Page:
THE sponsor of Accordia Golf Trust (AGT) has proposed to acquire the trust's 88 golf courses in Japan for 61.8 billion Japanese yen (S$804.1 million), or an implied purchase consideration of S$0.732 per unit, it said on Monday.
The price represents a premium of 5.1 per cent and 12.9 per cent over AGT's adjusted net asset value of S$764.9 million and adjusted net tangible assets of S$712.3 million as at March 31.
The price also represents a premium of 21.8 per cent over the volume weighted average price of AGT units in the one month prior to and including the closing unit price of S$0.60 on Nov 27, 2019. That was the day before AGT announced that it had received a non-binding proposal to buy over its interests in all its golf courses.
Sponsor Accordia Golf plans to acquire all membership interests in, and assume the debts, of Accordia Golf Asset Godo Kaisha (SPC), the holding company which holds the golf courses. AGT will thus receive the full consideration of S$804.1 million from Accordia Golf and will not need to apply any of this amount towards the repayment of the SPC's debts.
AGT said it intends to distribute the net proceeds from the proposed divestment via special distributions, after setting aside fees and expenses that are expected to comprise 3 per cent of the S$804.1 million purchase consideration.
The special distribution will be paid in two tranches. The first, comprising 92 per cent or 56.9 billion yen, will be paid within 25 business days of Accordia Golf's payment to AGT.
If there are no claims by Accordia Golf against AGT, another 5 per cent that had been set aside for potential claims will be paid out later.
It will not be meaningful for AGT to maintain its listing on the Singapore Exchange (SGX) after the asset sale, the trustee-manager noted, as AGT will cease to have any operating business and will be deemed to be a cash trust.
The trustee-manager thus intends to undertake a voluntary winding up of AGT.
The proposed acquisition is conditional upon approval from AGT unitholders by Sept 14, at an extraordinary general meeting (EGM) to be convened.
Sponsor Accordia Golf, which holds 28.85 per cent of all units in AGT and 49 per cent of the shares of the trustee-manager, will abstain from voting on the resolution related to the proposed acquisition at the EGM.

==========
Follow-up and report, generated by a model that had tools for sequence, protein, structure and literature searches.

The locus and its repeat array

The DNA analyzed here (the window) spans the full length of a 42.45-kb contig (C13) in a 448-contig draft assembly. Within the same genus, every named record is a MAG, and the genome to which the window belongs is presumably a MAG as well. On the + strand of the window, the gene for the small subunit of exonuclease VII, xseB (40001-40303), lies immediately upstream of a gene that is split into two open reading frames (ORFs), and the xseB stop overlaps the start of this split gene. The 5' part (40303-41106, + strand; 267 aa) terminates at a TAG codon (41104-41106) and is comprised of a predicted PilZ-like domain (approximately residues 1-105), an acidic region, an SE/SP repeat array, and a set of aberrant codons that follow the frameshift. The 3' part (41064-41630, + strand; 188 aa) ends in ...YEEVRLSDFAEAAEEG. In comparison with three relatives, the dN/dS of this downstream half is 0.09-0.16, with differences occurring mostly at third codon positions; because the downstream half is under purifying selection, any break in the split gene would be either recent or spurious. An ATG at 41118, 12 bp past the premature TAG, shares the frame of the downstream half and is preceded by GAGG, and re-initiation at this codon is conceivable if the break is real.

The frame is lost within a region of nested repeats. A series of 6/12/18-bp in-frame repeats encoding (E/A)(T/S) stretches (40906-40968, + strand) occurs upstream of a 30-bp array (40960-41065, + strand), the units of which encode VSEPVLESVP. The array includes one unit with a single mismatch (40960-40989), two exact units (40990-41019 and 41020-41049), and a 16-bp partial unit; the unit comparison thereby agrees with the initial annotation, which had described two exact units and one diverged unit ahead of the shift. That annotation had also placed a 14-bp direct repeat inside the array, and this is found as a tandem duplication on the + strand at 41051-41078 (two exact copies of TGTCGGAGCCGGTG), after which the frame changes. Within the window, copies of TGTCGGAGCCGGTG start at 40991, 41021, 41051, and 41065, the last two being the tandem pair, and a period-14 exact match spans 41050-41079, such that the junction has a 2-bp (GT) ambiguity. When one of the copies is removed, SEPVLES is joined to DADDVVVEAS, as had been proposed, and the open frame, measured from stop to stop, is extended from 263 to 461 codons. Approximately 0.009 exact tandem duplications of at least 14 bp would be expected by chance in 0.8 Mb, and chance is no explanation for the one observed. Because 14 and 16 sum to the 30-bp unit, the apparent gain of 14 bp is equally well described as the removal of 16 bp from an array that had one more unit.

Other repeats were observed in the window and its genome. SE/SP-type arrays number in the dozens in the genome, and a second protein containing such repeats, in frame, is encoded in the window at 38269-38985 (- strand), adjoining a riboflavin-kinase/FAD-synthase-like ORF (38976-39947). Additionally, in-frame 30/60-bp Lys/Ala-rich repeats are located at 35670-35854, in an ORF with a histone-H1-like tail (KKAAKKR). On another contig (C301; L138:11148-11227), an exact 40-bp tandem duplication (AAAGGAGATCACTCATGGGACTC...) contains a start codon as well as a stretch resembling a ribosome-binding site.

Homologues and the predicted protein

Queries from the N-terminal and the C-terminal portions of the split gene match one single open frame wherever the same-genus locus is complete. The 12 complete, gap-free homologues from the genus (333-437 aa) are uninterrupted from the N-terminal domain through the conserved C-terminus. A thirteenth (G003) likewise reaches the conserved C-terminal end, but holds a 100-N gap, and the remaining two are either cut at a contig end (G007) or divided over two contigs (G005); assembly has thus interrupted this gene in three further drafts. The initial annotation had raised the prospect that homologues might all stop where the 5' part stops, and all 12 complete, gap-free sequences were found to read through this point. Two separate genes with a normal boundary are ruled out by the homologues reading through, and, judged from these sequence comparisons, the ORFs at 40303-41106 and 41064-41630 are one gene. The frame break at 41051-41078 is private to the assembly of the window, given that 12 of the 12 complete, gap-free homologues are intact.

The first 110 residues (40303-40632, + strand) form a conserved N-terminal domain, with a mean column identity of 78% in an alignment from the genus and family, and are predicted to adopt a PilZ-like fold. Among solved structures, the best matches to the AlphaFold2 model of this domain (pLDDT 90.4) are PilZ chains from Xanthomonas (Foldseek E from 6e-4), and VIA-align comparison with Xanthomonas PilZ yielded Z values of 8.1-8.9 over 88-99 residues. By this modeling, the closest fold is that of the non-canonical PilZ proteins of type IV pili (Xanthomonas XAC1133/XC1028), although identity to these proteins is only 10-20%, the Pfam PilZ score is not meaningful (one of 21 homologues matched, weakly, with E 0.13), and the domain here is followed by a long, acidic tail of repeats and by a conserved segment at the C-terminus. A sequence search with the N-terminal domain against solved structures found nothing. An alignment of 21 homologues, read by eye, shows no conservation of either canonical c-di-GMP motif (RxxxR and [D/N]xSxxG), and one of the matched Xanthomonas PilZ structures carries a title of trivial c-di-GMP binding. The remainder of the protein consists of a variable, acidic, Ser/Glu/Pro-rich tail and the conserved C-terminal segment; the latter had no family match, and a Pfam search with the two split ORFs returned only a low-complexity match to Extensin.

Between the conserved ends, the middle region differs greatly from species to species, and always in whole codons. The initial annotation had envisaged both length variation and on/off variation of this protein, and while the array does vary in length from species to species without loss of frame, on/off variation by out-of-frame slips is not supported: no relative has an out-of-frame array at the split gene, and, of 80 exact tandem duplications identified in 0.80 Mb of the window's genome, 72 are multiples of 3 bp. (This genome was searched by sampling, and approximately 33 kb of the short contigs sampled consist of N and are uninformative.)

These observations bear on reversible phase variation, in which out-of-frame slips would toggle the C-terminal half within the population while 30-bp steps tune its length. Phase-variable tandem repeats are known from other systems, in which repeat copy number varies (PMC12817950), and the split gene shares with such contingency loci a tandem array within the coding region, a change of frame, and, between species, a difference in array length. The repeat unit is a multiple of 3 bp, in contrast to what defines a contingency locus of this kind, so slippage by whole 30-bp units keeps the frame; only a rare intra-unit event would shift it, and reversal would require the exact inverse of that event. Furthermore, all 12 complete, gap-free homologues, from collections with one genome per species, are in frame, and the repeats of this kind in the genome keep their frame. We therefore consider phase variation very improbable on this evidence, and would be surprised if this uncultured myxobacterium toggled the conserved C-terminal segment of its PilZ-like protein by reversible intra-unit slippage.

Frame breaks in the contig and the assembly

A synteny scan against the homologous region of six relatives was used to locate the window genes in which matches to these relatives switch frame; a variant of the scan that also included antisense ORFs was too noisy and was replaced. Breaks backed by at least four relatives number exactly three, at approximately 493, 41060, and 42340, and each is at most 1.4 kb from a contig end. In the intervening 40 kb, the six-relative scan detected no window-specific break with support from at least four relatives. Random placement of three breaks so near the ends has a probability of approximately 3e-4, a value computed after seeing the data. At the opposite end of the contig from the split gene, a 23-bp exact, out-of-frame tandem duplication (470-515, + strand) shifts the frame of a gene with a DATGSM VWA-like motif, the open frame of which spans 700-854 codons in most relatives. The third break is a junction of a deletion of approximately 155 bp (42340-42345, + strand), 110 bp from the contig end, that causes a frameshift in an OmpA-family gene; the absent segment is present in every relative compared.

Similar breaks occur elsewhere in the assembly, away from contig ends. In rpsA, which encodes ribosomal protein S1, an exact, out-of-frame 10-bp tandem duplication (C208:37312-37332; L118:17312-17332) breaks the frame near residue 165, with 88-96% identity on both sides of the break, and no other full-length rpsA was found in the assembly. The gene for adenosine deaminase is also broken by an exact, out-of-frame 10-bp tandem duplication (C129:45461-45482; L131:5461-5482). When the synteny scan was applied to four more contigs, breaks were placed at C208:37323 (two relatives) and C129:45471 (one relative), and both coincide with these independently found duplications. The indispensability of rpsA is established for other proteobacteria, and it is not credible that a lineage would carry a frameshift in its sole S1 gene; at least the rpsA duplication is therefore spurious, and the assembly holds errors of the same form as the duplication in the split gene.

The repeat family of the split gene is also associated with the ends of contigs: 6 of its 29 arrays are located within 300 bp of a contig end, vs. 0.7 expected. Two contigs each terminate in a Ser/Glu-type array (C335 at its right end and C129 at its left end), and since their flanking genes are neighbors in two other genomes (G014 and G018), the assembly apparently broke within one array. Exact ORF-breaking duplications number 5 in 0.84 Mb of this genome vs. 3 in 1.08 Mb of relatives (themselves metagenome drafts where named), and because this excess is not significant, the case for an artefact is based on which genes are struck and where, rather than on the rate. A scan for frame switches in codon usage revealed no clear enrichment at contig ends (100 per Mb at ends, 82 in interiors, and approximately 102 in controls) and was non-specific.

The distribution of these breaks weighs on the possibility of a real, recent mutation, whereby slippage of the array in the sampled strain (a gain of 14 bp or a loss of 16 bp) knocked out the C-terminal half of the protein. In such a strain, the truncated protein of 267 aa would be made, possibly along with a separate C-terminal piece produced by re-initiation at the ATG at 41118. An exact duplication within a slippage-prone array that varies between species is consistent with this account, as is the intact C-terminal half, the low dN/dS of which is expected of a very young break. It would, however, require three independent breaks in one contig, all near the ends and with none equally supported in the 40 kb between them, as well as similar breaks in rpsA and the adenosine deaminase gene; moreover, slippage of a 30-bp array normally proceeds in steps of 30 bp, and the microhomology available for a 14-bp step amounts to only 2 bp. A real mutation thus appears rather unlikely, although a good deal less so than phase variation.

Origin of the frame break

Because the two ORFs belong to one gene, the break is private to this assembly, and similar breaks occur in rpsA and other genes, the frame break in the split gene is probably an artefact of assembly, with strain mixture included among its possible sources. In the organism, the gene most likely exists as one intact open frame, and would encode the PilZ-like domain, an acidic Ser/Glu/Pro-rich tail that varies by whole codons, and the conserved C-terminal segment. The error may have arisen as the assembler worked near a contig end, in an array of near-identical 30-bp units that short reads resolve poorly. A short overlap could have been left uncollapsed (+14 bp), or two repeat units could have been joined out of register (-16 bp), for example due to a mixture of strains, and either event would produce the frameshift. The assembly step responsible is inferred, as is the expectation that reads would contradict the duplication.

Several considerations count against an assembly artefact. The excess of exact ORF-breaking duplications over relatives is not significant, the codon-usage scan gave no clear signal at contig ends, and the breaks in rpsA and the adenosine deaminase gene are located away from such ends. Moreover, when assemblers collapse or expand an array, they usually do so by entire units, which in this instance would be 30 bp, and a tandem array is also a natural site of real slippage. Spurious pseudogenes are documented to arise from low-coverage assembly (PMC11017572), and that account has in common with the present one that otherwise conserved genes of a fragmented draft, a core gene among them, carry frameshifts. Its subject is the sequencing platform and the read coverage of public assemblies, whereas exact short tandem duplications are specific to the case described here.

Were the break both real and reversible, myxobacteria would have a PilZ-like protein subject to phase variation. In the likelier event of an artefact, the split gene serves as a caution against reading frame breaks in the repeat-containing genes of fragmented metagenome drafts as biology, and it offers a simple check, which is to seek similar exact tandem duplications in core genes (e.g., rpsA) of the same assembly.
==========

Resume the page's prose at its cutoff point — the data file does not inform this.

CIMB Bank has been appointed as the independent financial adviser (IFA) for the purposes of the proposed divestment as an interested person transaction. The IFA's opinion will be set out in a circular to be despatched to unitholders.
AGT's independent committee said on Monday that AGT's trading volume on the SGX has been historically low, so the proposed divestment enables unitholders to realise value for their units now.
AGT has not made any acquisitions to drive growth since its listing, they added. While the SPC had from time to time, evaluated suitable golf course acquisitions, it was difficult for the SPC to raise accretive financing to make the acquisitions. Consequently, it never proposed any acquisitions to the trustee-manager, the independent committee said.
"AGT may face further difficulty in obtaining financing for golf course acquisitions (as a result of the Covid-19 outbreak), limiting AGT's ability to improve its distribution per unit (DPU)," AGT said in a statement.
Accordia Golf also noted that AGT's historical DPU has fallen over time and the offer by it to buy out AGT's golf courses represents an opportunity for unitholders to cash out.
Hibiki Path Advisors, the largest minority unitholder of AGT with a 7.2 per cent stake, told The Business Times on Monday: "At our first sight, we are not impressed with the offer price of S$0.732 and are exploring the details announced by AGT."
Originally, AGT said last December that Accordia Golf's indicative offer for the golf course holding company was 63.2 billion yen (S$781 million), or roughly S$0.71 per unit.
So Monday's offer is lower in yen terms, but the yen has since strengthened against the Singdollar to make up for it.
AGT declared a S$0.0169 dividend on June 11 that was paid on Monday. It has also promised to pay an additional 1.2 billion yen or roughly S$0.0142 per unit in operating reserves to unitholders at a later date.
AGT said that the offer submitted by Accordia Golf was the only definitive offer it received. While a third party bidder had undertaken extensive due diligence on AGT and its golf courses, this party eventually withdrew from the process due to, among other reasons, the Covid-19 outbreak and its effect on the golf course industry, AGT said.
Travis Lundy, an analyst who publishes on Smartkarma, said: "Given the dearth of buyers of Japanese golf courses out there, and the general weakness of Reits and trust assets in Japan, I don't expect others to show up, so I expect no bump and no competitive bid."
Accordia Golf Trust called for a trading halt on Monday morning before the offer was announced. The units last changed hands at S$0.64 last Friday.
AGT has been speculated as a privatisation candidate ever since South Korean private equity firm MBK Partners acquired its sponsor and golf course operator Accordia Golf in 2016.